No, we speak of God's secret wisdom, a wisdom that has been hidden and that God
destined for our glory before time began. None of the rulers of this age
understood it, for if they had, they would not have crucified the Lord of glory.
However, as it is written: "No eye has seen, no ear has heard, no mind has
conceived what God has prepared for those who love him"— but God has revealed it
to us by his Spirit. The Spirit searches all things, even the deep things of
God. For who among men knows the thoughts of a man except the man's spirit
within him? In the same way no one knows the thoughts of God except the Spirit
of God. We have not received the spirit of the world but the Spirit who is from
God, that we may understand what God has freely given us (1 Corinthians 2.7-12).

"Father, show me how to shine the glory-color that You have placed in me. I do not want to complain anymore about how You designed me and about the purpose You have for me. Help me not to compare myself with others. I want us each to shine Your glory in our own unique way. Thank You, God, for creating each of us so beautifully. For it is in Jesus' name I pray, Amen."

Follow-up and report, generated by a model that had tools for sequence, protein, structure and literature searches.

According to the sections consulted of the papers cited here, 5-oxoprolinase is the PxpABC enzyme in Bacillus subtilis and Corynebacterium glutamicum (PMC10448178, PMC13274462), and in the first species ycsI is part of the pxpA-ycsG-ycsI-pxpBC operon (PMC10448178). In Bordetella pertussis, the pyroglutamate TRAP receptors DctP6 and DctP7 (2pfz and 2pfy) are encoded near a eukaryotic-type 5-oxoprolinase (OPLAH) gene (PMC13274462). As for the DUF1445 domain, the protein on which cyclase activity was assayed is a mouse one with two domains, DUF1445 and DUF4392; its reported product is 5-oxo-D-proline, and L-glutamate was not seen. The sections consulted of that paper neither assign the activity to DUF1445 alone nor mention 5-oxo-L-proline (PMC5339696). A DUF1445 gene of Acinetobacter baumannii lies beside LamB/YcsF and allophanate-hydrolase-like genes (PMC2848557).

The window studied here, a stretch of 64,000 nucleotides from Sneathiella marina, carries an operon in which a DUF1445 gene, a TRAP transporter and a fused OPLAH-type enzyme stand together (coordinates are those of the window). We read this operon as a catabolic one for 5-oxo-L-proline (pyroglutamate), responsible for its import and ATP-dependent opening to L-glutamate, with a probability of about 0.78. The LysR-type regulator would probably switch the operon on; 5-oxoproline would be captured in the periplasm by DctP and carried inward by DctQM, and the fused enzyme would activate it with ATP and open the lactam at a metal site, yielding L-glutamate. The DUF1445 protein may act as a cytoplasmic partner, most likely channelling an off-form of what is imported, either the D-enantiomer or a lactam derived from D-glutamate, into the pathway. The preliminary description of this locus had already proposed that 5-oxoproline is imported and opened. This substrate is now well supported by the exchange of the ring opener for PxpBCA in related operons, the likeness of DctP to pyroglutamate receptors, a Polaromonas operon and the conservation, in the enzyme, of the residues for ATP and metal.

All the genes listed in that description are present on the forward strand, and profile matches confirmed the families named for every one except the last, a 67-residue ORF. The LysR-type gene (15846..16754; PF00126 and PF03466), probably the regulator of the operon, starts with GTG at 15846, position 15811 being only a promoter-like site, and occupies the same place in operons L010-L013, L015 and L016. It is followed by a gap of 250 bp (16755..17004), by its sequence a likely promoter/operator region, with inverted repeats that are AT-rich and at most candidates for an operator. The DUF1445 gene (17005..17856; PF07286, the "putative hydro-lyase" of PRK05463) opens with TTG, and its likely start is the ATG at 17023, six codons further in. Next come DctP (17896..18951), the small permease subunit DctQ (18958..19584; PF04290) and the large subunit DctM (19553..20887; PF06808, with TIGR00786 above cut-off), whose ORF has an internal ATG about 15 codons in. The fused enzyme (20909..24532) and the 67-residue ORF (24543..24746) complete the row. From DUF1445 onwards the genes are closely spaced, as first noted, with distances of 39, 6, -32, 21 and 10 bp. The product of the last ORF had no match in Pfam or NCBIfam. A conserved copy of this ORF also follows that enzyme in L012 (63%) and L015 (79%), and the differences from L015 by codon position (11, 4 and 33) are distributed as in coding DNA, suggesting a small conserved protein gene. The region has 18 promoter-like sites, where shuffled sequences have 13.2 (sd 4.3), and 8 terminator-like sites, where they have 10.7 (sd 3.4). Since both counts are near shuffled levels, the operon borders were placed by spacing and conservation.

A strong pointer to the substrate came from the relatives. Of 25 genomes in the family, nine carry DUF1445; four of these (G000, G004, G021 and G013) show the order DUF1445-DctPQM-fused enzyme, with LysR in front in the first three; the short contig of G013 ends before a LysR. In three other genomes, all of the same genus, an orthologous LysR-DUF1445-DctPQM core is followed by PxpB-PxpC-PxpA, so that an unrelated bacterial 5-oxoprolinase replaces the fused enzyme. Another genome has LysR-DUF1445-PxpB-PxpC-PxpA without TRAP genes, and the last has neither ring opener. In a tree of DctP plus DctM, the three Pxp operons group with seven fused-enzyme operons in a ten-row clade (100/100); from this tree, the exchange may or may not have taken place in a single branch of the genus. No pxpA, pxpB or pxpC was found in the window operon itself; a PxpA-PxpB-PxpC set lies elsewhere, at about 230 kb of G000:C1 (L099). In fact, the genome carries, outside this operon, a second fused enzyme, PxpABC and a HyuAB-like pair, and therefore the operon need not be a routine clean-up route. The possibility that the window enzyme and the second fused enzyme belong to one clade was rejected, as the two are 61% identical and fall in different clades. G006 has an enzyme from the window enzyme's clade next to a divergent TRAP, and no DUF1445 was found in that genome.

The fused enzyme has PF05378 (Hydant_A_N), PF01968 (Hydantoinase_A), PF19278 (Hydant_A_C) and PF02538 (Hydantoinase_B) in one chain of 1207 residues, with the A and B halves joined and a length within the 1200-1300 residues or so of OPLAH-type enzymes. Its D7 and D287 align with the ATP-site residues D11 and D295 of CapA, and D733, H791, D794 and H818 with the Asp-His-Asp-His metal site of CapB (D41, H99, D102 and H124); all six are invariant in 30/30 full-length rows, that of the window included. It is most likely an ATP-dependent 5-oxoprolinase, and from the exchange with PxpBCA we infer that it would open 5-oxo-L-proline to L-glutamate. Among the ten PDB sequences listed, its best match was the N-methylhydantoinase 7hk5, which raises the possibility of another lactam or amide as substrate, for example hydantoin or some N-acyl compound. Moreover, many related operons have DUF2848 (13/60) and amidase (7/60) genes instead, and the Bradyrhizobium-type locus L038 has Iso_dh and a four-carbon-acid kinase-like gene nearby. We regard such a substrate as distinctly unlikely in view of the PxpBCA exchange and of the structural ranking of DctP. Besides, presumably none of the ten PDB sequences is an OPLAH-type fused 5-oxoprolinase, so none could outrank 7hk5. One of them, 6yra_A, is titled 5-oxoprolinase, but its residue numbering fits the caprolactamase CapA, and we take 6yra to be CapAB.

This post is dedicated to my twin. Thank you for always being so beautifully different.

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September 1, 2009

Gathering Empty Pitchers

Women are constantly serving the needs of others. Almost every night we fall into our beds depleted of energy and devoid of passion. We are completely empty, and we wonder how we’ll find the strength to make it through another day.

I’ve had many nights like this. Out of obedience, I pour into the lives of family and friends, and I fulfill the many obligations that come with life. Hands continuously grope at the fleeting seconds of my day, and I desperately search for the scraps. When there are no leftovers to be found, I hold my empty hands up to God and cry out, “Lord, there is nothing left for me!”

As I contemplated more ways to hoard my little scraps, God taught me a beautiful lesson that has forever changed my life. He taught me how to Gather Empty Pitchers!

I read the story about Elisha and the widow found in 2 Kings: 4.1-7.